Platforms: PC | PSN | XBLA
Developers: Mighty Rocket Studios
Publishers: Focus Home Interactive
On the one hand, it could be argued that Obscure is everything that is wrong with IP mismanagement. After all, the original was a quirky survival horror title from nearly a decade ago (which received mixed reviews), set in a high school, with four teenagers investigating strange goings-on, odd disappearances, and students turning into hideous monsters. On the other, this reboot seems like pick-up-and-play fun and, considering that Mighty Rocket Studios are made up of a number of the key development staff who worked on the original, it's pretty much theirs to do whatever they want with it.
"“It was impossible for us not to finish this game, because it’s our baby," expresses Mighty Rocket CEO Francois Potentier. We can see he's excited. He takes us through the game in breathless fashion, clearly thankful to be showcasing the revived IP. Considering that one direct sequel shipped and sank, a change of direction has clearly been deemed necessary. The scares and the scarce items are out, but the high school setting and the youthful protagonists are retained.
Potentier explains that whilst the original game's were attempting to tap into a popular genre at the time, survival horror has (arguably perhaps) fallen by the wayside in recent years. This reboot intends to provide some immediately accessible fun, attempting to poke fun at reams of horror cliches as it does so. "On the way to what should be the party of their lives, a group of young students will instead face off against hordes of aggressive and frightening creatures," reads the official tagline. "No horror cliche is safe from the chainsaw of the developer, Mighty Rocket Studio. It’s a wild mash-up of monsters, baseball bats, chainsaws, flamethrowers, and bursts of laughter!”
And it does make us laugh in places. This type of 2.5D side-scrolling action-platformer is hardly anything new, but it is a winning formula, and Mighty Rocket clearly have an idea of exactly what this game needs to be. In comes local and online drop-in/drop-out co-op, the interface is simple to use, and the animations are smooth and responsive to user input. Frustratingly perhaps, we were handed a singleplayer demo, with a number of debug buffs available, and all of the special moves unlocked, so it's difficult to speak as to the balancing of difficulty in the game, but there were a decent variety of enemies in the 30 minute level through which we played - from speedier zombies to great, big hulking brutes, and flying ghouls that need swatting out of the sky. The cartoonish look to the game is endearing, and sits well with the revised approach to gameplay.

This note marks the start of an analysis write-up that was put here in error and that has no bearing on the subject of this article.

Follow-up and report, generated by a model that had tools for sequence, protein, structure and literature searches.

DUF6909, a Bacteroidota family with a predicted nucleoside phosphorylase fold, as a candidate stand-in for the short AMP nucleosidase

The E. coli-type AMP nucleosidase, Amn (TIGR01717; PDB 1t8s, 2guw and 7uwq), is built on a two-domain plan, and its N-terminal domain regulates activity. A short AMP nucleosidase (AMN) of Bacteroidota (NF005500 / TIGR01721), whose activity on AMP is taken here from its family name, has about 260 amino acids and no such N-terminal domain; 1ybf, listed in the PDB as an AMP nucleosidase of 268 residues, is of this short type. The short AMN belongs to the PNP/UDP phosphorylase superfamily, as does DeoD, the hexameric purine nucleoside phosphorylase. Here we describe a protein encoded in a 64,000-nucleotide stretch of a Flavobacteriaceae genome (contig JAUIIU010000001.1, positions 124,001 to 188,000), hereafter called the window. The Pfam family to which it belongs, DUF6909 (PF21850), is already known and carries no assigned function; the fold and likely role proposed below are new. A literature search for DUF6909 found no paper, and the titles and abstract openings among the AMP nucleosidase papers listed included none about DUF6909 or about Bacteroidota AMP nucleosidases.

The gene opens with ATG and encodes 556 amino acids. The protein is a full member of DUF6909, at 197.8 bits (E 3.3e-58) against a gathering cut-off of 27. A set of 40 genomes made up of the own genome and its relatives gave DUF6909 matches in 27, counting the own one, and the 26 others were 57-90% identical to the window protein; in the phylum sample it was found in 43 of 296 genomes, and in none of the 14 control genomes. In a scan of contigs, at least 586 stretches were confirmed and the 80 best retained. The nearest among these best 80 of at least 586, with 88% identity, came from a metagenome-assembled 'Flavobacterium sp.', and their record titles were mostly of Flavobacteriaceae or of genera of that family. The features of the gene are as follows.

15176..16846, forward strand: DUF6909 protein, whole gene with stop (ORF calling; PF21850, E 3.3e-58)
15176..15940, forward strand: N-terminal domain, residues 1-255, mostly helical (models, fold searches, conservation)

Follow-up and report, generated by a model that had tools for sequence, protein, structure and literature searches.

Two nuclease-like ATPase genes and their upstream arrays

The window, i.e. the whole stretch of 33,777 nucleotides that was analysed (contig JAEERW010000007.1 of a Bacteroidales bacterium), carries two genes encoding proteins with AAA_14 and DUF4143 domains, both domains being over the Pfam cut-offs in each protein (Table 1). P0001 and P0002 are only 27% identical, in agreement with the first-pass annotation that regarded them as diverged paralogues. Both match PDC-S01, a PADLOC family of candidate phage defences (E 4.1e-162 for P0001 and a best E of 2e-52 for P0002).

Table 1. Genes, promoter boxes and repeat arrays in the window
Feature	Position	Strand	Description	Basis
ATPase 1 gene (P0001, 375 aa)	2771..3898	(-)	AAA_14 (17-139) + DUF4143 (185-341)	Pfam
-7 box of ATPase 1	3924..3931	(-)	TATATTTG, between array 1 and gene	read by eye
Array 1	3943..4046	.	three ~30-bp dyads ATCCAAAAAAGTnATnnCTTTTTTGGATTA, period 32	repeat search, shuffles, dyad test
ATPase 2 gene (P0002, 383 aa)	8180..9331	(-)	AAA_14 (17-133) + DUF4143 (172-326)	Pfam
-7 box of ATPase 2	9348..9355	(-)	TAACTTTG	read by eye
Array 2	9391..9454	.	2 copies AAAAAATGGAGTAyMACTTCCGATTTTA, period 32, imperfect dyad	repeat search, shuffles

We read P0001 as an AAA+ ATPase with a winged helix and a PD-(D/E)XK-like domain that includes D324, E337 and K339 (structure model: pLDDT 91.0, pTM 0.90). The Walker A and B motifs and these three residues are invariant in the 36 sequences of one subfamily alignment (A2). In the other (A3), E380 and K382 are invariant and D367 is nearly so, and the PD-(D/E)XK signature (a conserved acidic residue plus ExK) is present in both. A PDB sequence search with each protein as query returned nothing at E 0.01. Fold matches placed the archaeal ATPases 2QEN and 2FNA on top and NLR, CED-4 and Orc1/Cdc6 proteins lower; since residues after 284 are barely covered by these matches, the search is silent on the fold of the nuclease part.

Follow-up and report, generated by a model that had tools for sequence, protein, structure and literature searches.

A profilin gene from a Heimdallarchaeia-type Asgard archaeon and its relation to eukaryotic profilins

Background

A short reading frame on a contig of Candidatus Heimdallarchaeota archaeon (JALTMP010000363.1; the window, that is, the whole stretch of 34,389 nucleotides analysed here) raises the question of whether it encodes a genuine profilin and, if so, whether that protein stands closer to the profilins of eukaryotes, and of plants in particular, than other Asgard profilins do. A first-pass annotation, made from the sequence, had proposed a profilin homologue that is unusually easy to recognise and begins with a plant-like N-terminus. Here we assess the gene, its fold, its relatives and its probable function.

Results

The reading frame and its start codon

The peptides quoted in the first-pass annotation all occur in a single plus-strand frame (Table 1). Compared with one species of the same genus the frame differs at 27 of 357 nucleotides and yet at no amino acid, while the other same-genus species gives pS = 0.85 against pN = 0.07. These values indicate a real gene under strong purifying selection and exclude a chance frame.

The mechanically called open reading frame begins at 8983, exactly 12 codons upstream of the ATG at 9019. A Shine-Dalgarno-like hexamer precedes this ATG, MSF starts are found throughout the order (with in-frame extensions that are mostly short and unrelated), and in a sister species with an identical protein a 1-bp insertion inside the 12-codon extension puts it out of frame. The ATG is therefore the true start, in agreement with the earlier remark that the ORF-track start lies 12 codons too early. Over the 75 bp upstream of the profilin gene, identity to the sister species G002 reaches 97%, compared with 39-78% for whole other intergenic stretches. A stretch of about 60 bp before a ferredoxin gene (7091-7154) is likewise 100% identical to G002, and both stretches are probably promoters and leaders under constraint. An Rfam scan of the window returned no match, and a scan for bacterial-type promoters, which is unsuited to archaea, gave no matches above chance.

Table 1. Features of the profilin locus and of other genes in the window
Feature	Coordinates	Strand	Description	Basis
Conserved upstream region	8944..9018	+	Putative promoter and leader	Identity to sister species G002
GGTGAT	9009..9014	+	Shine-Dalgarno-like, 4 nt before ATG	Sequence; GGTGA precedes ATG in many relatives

"We wanted to do something to reflect our focus on digital distribution, so we made it a little more colourful and cartoony, and decided to focus much more on the gameplay rather than concerning ourselves with cutscenes," says Potentier. "But the legacy of Obscure is still there in the setting and the student archetypes." So it is that you begin the game by choosing one of four high school horror character stereotypes - the jock, the nerd, the smooth charmer, and the cheerleader - each with their own particular strengths. The beefcake jock, for example, is better at hand-to-hand combat; I got to grips with the nerd, who had a strong propensity for blowing stuff up with explosives.
Move with the left-stick, aim with the right, jump with A, and nudge the bumper to lob a grenade. It's as simple as it sounds, and the action is instantly familiar. Pleasantly, there seem to be a few little setpieces, where working together is encouraged. We found ourselves behind the wheel of an enormous tank-like vehicle at one point, fending off oncoming zombie hordes from all sides, and hopping between four different turrets - two machine guns, one rocket launcher, and a tasty flamethrower - to keep the undead mob at bay. It was frantic doing a section clearly designed for multiplayer on my own, but fun nonetheless.
"It's certainly designed with co-op play in mind," says Potentier. "You want something like this on PSN and XBLA that you can just pick up and play with your friend. It was important for us to have big maps – huge maps – because you’ve got up to four players at once when you're online. In online play, everybody can be everywhere on the map. You can either stay together because it’s safer, or divide to meet your objectives quicker.”
There are nice little touches here and there; one of the nerd's special moves, for example, is to deploy a little box that looks an awful lot like a Ghostbusters ghost trap. Little environmental dangers add to the puzzle-platform aspect of the game too, such as trying to sneak dynamite across a dodgem pit occupied by ghost drivers. Every so often, too, you'll come across a room or an area where you're set upon by a near-endless horde of zombies, and Potentier notes that Valve's co-op zombie shooter Left 4 Dead has had a significant influence of Obscure.
But do we really need another side-scrolling action-puzzle-platformer? Well, maybe. Well all is said and done, Obscure doesn't need to be particularly spectacular or wildly ambitious. We like these types of games because they're instantly accessible, with camaraderie in co-op being the obvious draw, and this is a game that would certainly seem to offer that opportunity. If they can get the infrastructure as slick as it needs to be for pick-up-and-play goodness, combined with a downloadable marketplace price point, few would begrudge Mighty Rocket a strong return following the closure of Hydravision.